Tuesday, 20 January 2009

Rating your professor, teacher, doctor, or fellow students?

This morning I was coming back from Munich* on the train I got a phone call from a journalist from Radio Essen (http://www.102.2radioessen.de/). As their studio is very close to the railways station in Essen I went there spontaneously before going back to University. 

We talked a little about web services for students to rate their profs (e.g. meinProf.de). The numbers of ratings most professors have received so far is extremely small (in comparison to the number of students we teach) and hence you get interesting effects that are far from representative or in many cases even meaningful. Last term I registered my course and we sent proactively a mail to all students who complete the course with the request to rate the lectures. This seems to be a good way to generate a positive selection :-)

There are many of these services out - rating teachers, doctors, shops, etc. Thinking a little more about the whole concept of rating others one could image many interesting services - all of them creating a clear benefit (for someone) and a massive reduced privacy for others. 

To make it more specific I offer you one idea: Rate your fellow students' professonal capabilities and academic performance. Students have typically a very good insight into the real qualities of their peers (e.g. technical skills, social compatibility, creativity, mental resilience, ability to cope with workload, diligence, honesty etc.). Having this information combined with the official degree (and the transcript the university offers) a potential employer would get a really interesting picture… We discussed this with students last term an the reactions were quite diverse - as one can image.>

Obviously such a service would create a lot of criticism (which lowers the cost of marketing) and one would have to carefully think in which countries it would be legal to run it. An interesting question would also be what verification one would employ to ensure that the ratings are real - or perhaps we would not need to care? Interested in the topic - perhaps we should get 5 people together implemented in a week and get rich ;-)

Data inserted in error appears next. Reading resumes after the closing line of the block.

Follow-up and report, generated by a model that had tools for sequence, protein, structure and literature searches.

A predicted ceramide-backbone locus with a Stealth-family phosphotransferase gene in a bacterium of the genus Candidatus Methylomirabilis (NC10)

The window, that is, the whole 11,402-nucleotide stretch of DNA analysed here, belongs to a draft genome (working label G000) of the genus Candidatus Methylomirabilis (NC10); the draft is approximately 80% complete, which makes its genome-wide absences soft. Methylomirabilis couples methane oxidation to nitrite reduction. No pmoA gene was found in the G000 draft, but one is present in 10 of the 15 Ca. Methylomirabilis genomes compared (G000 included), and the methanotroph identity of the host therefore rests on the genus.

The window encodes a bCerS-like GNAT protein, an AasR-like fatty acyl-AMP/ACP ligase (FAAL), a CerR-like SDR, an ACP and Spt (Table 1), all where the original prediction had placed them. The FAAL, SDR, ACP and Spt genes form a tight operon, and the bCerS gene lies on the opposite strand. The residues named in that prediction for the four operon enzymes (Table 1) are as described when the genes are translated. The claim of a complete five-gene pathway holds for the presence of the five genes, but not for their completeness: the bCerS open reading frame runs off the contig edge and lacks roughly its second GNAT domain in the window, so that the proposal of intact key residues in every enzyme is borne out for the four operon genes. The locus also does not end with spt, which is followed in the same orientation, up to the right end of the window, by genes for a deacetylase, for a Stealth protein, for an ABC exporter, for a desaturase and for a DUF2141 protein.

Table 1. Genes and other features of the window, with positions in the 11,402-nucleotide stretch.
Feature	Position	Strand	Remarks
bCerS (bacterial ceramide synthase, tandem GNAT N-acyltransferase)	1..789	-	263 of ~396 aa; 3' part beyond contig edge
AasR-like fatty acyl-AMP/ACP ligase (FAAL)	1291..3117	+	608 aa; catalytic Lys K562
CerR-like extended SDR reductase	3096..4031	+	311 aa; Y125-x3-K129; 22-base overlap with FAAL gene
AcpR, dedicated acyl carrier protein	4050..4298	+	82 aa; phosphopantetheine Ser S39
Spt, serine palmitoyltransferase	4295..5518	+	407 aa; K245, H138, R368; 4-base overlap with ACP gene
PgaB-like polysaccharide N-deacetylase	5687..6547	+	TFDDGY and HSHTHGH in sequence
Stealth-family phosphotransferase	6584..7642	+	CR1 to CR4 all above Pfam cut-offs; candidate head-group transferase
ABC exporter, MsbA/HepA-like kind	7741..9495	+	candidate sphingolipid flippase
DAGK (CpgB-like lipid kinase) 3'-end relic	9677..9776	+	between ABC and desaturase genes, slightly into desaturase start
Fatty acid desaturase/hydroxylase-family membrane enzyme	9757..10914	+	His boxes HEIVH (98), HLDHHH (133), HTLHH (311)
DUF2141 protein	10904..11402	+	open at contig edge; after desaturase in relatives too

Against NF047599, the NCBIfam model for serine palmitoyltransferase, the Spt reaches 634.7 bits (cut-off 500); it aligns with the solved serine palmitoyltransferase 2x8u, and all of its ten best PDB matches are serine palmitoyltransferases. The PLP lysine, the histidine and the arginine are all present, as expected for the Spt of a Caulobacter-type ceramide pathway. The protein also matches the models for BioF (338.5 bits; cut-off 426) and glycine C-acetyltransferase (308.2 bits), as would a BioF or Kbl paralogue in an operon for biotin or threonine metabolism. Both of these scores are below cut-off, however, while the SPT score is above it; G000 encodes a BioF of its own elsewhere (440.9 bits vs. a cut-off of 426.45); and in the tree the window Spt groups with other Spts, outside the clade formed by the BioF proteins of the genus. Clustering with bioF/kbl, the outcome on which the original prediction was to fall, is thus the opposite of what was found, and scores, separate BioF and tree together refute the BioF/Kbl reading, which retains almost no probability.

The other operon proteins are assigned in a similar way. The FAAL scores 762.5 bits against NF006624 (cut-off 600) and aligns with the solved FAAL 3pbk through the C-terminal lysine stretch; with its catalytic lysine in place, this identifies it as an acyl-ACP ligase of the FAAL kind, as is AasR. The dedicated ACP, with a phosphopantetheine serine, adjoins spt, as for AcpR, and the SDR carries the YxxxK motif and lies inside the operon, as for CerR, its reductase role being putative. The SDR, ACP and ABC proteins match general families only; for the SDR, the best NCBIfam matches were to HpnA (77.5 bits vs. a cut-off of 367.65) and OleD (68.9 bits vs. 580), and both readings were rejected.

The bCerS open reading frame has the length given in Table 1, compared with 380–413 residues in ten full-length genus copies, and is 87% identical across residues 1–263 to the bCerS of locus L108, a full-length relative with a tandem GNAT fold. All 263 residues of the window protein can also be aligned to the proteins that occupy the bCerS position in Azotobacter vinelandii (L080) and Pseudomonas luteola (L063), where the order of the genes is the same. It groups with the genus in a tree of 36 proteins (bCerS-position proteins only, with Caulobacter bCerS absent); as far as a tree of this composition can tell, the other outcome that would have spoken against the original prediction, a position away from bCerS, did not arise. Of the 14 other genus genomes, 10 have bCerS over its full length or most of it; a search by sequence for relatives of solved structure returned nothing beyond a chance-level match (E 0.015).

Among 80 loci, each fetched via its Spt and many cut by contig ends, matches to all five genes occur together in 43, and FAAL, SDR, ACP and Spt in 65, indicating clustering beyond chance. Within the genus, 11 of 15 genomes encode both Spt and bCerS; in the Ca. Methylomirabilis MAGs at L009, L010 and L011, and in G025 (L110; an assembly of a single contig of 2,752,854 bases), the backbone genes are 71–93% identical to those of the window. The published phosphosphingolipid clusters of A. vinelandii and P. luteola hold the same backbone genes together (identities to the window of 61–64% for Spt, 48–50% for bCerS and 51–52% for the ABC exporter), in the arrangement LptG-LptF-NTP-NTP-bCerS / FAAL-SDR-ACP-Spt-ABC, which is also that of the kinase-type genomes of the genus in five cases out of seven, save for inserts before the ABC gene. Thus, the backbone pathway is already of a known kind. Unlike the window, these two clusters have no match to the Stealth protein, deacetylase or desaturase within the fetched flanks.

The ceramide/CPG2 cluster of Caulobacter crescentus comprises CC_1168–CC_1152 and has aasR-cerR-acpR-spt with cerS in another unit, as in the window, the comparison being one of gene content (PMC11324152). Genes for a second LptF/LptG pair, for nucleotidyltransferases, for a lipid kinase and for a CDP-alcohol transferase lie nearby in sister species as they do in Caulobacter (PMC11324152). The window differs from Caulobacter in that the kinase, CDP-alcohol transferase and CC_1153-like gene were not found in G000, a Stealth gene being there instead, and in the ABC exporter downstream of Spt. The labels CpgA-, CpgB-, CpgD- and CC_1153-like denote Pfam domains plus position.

The direction of such rating systems are taking is very clear - and it seems that they will come in many areas of our life. Perhaps there is some real research in it… how will these technology change the way we live together?

* travelling from Munich (leaving at 22:30) and arriving in Essen in the morning (or Darmstadt) works fairly well and if you stay in a hotel in Stuttgart ;-) - it is surprisingly a real alternative to a night train or an early morning flight…

1 comment:

spychalski.de said...

At Google the most important part of the promotion process is a set of peer reviews from people you have actually worked with. Compared to previous companies this works a lot better because it does not depend on the single data point of your manager's opinion of you. It's the first time I feel like I'm fairly evaluated.